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Decadence  
 
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Nineteenth-century Decadent literature either describes aspects of decadent life and society or reflects the decadent literary aesthetic.

Defining "Decadence"

Decadence (from the Latin de, down, and cadere, to fall) has three related principal meanings. In its most general sense, the term refers to a society's decay, its fall from a position of strength and prosperity to a state of weakness and ruin. Decadence also refers to any ideological appreciation, and therefore support, of social decay.

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Whereas the first definition presents the term as an inevitable process signified by a society's relation to past societies, the second definition suggests that decadence is an individual approach to life and that social decay can be consciously perpetrated.

During the nineteenth century, decadence acquired a third, closely related, aesthetic meaning that led to the formation of the Decadent Movement.

Historical Formulations of the Concept of Decadence

Although the term decadence entered European discourse in the Middle Ages, earlier formulations of the concept are apparent. These include the Indian notion of the Age of Kali and the Greek and Roman belief in a previous Golden Age from which their civilization had fallen. With the rise of Christianity, which both Voltaire (1694-1778) and Edward Gibbon (1737-1794) suggest was an inherent part of the Roman Empire's process of decay, decadence also became part of the concept of apocalypse, foreshadowing the end of the world.

During the modern era, images and legends of the decline of the Roman Empire formed the most popular conception of ancient decadence as an inevitable process of social transformation. Roman decadence is analyzed in, among other works, Charles-Louis le Secondat, Baron de La Brède et de Montesquieu's (1689-1755) Considérations sur les causes de la grandeur des Romains et de leur décadence (1734) and in Gibbon's The History of the Decline and Fall of the Roman Empire (1776-1788).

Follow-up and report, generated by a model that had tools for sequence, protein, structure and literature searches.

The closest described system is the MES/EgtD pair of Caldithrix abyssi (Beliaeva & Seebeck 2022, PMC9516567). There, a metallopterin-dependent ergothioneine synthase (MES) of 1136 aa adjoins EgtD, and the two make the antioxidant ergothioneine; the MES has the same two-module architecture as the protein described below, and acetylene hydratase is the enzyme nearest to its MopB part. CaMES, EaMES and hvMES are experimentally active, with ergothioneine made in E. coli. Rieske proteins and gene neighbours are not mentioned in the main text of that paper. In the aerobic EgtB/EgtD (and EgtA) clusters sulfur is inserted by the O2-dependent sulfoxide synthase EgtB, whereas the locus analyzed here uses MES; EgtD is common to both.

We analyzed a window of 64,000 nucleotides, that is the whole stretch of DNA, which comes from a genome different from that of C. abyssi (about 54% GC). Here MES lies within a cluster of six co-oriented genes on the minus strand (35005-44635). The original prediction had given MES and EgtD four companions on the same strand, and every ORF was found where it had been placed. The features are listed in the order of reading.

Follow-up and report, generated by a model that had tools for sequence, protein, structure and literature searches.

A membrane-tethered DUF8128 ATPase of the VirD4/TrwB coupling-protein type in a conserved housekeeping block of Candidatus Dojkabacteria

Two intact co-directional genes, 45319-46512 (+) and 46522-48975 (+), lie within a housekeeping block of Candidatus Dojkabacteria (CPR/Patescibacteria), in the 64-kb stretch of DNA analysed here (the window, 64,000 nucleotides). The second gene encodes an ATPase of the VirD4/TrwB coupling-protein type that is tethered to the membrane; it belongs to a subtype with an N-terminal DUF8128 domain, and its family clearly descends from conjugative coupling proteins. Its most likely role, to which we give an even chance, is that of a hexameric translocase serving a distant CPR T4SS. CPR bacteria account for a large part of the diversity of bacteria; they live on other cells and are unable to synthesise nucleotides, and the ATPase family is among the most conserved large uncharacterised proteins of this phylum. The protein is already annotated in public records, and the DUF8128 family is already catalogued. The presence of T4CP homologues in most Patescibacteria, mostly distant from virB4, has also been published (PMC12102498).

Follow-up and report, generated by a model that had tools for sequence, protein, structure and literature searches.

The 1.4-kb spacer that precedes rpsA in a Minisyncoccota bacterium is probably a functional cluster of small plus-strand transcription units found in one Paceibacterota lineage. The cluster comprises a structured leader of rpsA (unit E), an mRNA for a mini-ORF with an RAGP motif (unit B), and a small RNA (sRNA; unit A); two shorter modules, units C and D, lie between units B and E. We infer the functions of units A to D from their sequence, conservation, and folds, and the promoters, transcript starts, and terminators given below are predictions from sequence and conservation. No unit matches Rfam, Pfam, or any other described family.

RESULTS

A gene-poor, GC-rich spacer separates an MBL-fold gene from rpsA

Montesquieu

Although Montesquieu presented the Roman fall as an unavoidable process, the decline is often seen to have been perpetrated by specific individuals, most notably the Roman emperor Nero (A.D. 37-68). Reported to have adopted Greek affectations and to have married a castrated male slave, Nero was a great fan of the writer Petronius, who is most famous for his novel The Satyricon. Viewed as an irresponsible and hedonistic ruler, Nero has often been seen to epitomize social decadence, even though he lived over 300 years before the major sacking of Rome by Alaric.

de Sade

Closer to the time of the Decadent Movement, the works of the Marquis de Sade also foreshadow the prominence that the concept of decadence as a lifestyle ideology gained during the nineteenth century. De Sade's appreciation of hedonistic nihilism and artificiality stand in stark contrast to Jean-Jacques Rousseau's (1712-1778) claims that the development of knowledge and culture promoted immorality, excess, and idleness.

Gothicism

Another major thematic, as well as stylistic, influence on Decadent literature was the Gothic novel, and the writings of Edgar Allan Poe (1809-1849). Decrepit, isolated mansions; feeble, aristocratic lineages; and hypersensitive, refined bachelors are some of the stock elements of Decadent writing that can be traced to such writers as Poe and Ann Radcliffe (1764-1823).

Romanticism

In a sociopolitical vein, the Romantics' notion of individualism and their revolt against classical form and conservative morality helped formulate decadence into a self-conscious lifestyle choice that allowed individuals not only to accept but to celebrate preferences and tastes that were traditionally seen as deviant, immoral, and counterproductive.

The strongest argument for a connection between Romanticism and a literary or aesthetic form of decadence during the first half of the nineteenth century was made by Désiré Nisard (1806-1888), in his antiromantic work Etudes de moeurs et de critique sur les poètes latins de la décadence (1834). Though focusing on late Roman poetry, the work succeeds in criticizing contemporary Romantic writing for its artificiality and deceptiveness, thus lending support to the frequent claim that the Decadent Movement represents the final phase of the Romantic era.

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Decadent artist Aubrey Beardsley's illustrations for Oscar Wilde's Salomé display both an interest in grotesquery (top), and lesbianism (below).
  
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